Gold Jacket Spotlight: All Steve Largent did 'is beat you'

Many would agree with the assessment former Houston Oilers head coach Bum Phillips made when he labeled his action “the worse trade I ever made.”

In 1976, Phillips sent wide receiver STEVE LARGENT, a fourth-round draft choice that year, to the expansion Seattle Seahawks. Houston received an eighth-round selection in the 1977 draft — a pick used on a player who never appeared in an NFL game.

Seattle acquired a future Pro Football Hall of Famer who this week steps into the Gold Jacket Spotlight.

In skeptics’ eyes, Steve was too small and too slow to compete in college and professional football. He chose, however, to listen to those who kept him motivated: his mother, who urged him to continue playing high school football when he considered quitting; the coaches and teammates at the University of Tulsa who believed in him; and his wife, Terry, who supported him throughout his NFL journey.

“You can’t explain Steve Largent by computers. He doesn’t belong on the field,” Clare Farnsworth of Pro Football Weekly once wrote. “You put his size and speed in an IBM computer up in Silicon Valley, it would chew up his data card and laugh.”

John Thompson, the Seahawks’ first general manager, observed, “He doesn’t look impressive or physically imposing. All he does is beat you.”

After watching Steve’s play during the wide receiver’s first season in Seattle, then-Seahawks coach Jack Patera predicted, “Ten years from now, you should be able to say he’s had a great career. He should play in this league a long time. He hangs onto everything thrown to him, whether it’s in practice or a game.”

Patera’s prognostications proved accurate. Steve played 14 seasons in the NFL, all in Seattle, became the first Seahawks player inducted into the organization’s “Ring of Honor” in 1989 and, in 1995, became the organization’s first enshrinee into the Pro Football Hall of Fame.

Steve’s commitment to preparation and his concentration skills were attributes coaches and players continually noted.

“He is his own motivator, teacher and preparer. He wins football games through his preparation,” Seattle offensive coordinator and receivers coach Steve Moore once told USA Today.

“One of the reasons he is so good is that he practices with such intensity,” said Chuck Knox, who became Steve’s head coach in 1983. “He is one of the hardest working practice players that I’ve been around in 32 years of coaching. … He practices hard and plays hard and is just an outstanding football player.”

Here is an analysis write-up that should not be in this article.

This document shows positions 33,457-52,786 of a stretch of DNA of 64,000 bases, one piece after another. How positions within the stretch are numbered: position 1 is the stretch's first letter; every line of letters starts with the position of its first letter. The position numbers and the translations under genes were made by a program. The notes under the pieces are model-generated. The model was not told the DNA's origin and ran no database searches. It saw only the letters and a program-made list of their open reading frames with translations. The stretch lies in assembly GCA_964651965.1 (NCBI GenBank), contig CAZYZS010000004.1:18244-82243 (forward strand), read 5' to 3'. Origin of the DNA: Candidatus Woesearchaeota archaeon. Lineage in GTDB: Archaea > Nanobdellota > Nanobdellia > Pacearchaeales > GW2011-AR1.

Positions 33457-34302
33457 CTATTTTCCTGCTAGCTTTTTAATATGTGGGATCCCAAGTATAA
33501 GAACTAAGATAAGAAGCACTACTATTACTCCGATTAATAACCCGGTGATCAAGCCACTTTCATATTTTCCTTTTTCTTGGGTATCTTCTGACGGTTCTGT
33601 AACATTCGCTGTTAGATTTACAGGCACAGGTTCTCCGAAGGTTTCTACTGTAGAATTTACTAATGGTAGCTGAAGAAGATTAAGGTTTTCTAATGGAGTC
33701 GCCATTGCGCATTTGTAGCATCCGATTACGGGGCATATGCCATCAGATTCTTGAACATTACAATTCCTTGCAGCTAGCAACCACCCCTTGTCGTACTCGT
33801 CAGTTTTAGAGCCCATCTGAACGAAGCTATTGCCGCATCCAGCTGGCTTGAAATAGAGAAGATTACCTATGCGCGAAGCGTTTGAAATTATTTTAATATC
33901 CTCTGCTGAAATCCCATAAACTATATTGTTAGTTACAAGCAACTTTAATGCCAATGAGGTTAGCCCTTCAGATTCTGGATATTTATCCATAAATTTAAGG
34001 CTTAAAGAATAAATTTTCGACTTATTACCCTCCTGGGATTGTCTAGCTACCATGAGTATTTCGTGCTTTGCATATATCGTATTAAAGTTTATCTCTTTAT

Steve’s routines included catching up to 200 machine-propelled passes after formal practices had concluded and to practice running routes alone before and after practice. 

Dedicated to being prepared, Steve’s solitary route-running routine would include re-enacting calling the play in the huddle, running to the line of scrimmage, performing the specified route, returning to the huddle and repeating the procedure.

“He was probably one of the best students of the game,” Seattle defensive lineman Joe Nash declared.

Steve shared his commitment to preparation during his post-playing career as a U.S. House representative when he offered his “Perfect Preparation Prevents Poor Performance” address to fellow House members.

At the time of his NFL retirement, Steve owned six career receiving records: most receptions, 819; most consecutive games with a reception, 177; most receiving yards, 13,089; most touchdown receptions, 100; most seasons with 50 or more receptions, 10; and most seasons with 1,000+ receiving yards, eight.

Selected to seven Pro Bowls, the Oklahoma native’s commitment to off-field community service was recognized when Steve was selected as the Walter Payton NFL Man of the Year Award winner in 1988.

Gary Wright, Seattle’s public relations director and Steve’s presenter for enshrinement into the Pro Football Hall of Fame in 1995, acknowledged: “Steve is a great athlete who maximized his potential.”